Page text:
JAMA. 1911;LVI(3):200-201. doi:10.1001/jama.1911.02560030036017.
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The present wide-spread campaign for a clean milk-supply has brought about a more or less heated controversy between those favoring and those opposing the pasteurization of milk. The former contend (1) that there is protection from pathogenic bacteria; (2) that the reduction of numbers lessens infantile mortality; and (3) that the keeping qualities of the milk are thereby enhanced. The opponents contend that (1) pasteurization kills all acid-forming bacteria, which would, according to their view, protect the milk from pathogenic changes; (2) that bacterial toxins are not destroyed by pasteurization temperature; (3) that careless methods of handling milk are encouraged and dirt in milk is covered up; (4) that bacteria increase more rapidly in pasteurized milk than in raw milk; and (5) that undesirable changes take place by pasteurization.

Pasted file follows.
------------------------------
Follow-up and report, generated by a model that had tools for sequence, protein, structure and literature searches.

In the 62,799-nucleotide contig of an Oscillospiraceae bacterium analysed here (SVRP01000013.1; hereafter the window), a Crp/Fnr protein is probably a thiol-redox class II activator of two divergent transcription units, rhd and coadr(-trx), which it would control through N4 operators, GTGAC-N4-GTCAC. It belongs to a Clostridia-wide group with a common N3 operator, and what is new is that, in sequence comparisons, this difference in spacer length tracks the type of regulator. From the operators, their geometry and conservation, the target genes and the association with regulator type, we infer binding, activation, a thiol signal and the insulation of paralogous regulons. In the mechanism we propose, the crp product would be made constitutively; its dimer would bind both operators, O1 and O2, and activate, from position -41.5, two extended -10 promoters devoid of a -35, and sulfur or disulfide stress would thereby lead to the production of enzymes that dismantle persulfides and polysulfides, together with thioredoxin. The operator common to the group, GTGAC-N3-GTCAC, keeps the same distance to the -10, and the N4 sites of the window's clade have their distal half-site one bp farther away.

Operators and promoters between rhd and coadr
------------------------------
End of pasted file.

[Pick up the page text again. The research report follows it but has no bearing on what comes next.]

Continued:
Bulletin 126 of the U. S. Agricultural Experiment Station, Bureau of Animal Industry, recently published, reports a mass of work which


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